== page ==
DA's Mmusi Maimane encouraging his party supporters after their Million Jobs march failed to deliver a memorandum to the ANC on Wednesday 12 February.
Mmusi Maimane may be one of the most hated figures in local politics.
His contemporaries think he is a sell out, his political foes regard him as a ‘yes man’ to the DA&39;s white woman (Helen Zille) and many among the rest of the black majority consider him sceptically.
Born in Krugersdorp 33 years ago on June 6, Maimane is one of the youngest leaders in South African politics today.
The official opposition party in Parliament, the Democratic Alliance, has Mmusi as its main man in the political struggle to control Gauteng. Maimane is the party’s premier candidate for the country’s richest province.
While he’s not campaigning for the DA, he is an active family man at home.
The Wits graduate is a father of two in a family of a black dad and a white mom in the surbub of Weltevreden Park, west of Johannesburg.
He sometimes takes his daughter, who is the eldest of the two offspring, to work when he can, to administer what could easily be perceived as political education.
“My kids must be engaged with issues that concern black South Africans. So I take my daughter, because she is able to now, on campaign trails. We go to informal settlements…I want her there. She must know, the world has multiple variants,” Maimane says.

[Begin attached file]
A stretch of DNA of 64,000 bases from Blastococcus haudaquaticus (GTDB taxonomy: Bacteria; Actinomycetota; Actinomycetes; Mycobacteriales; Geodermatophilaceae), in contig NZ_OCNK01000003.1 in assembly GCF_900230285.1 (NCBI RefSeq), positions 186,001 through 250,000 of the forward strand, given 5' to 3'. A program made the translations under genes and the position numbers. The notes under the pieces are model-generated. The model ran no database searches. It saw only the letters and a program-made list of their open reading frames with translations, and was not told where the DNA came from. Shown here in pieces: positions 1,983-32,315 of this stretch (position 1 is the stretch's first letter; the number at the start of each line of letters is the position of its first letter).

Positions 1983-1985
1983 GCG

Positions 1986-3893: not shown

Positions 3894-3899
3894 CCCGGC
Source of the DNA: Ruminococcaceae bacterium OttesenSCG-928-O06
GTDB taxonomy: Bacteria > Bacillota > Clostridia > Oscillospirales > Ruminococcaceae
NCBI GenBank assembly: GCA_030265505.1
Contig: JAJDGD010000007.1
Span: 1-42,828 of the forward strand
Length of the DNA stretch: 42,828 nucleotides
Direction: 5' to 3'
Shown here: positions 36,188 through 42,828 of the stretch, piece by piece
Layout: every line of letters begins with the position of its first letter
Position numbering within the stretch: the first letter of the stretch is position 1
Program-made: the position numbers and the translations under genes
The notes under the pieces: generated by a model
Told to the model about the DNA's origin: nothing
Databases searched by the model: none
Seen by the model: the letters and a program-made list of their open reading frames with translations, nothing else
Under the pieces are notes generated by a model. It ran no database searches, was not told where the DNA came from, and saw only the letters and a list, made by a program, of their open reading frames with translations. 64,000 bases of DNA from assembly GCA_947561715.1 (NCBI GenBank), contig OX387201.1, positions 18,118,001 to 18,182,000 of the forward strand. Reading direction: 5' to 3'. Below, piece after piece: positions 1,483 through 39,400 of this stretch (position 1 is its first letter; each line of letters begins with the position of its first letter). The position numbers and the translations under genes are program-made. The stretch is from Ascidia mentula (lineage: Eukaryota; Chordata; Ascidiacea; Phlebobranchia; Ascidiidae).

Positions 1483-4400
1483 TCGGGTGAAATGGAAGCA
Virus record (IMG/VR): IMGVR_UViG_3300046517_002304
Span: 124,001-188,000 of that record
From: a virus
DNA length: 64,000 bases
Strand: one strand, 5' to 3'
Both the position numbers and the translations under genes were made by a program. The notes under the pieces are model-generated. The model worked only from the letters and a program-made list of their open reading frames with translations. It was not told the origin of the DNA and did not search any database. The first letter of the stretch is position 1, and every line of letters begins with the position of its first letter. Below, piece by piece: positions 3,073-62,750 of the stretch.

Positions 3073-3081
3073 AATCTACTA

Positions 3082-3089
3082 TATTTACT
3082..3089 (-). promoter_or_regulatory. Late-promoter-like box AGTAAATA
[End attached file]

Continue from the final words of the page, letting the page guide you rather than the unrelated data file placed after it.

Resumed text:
The household orientated man who has been likened to the American president, Barack Obama, in his public speaking oratory style, emphasises the importance of being an insightful frame of reference to children.
“I want to model my kids to the new South Africa that we want to see, that they must be able to walk in any context and treat the human being as the human being. I teach my kids respect, not because it’s a black thing, but because it is a respect issue.”
When Maimane decided to marry his wife, Natalie, bringing her home meant a lot of work to defuse the inevitable cultural shock that comes with most cross cultural marriages.
He says however, his family was supportive in easing Natalie into the black family dynamics.
“We were at a funeral once. My wife and a cousin of mine stood in a line to get food after the processions. In the black culture, in events like funerals, all women have to be working either helping in the kitchen or anywhere there maybe a shortage of hands. My grandmother arrived to give both my cousin and my wife a tongue lashing, that they stood in the queue while everybody was working,” Mmusi remembers.
“That confirmed for me that they didn’t see her through the colour of her skin. But as a woman who is part of the family”
Mmusi Maimane will become Gauteng premier if the DA wins the most votes in the province after the May 7 polls.
*Watch a video of a frank interview with Maimane and footage, off the stage, in the gallery above.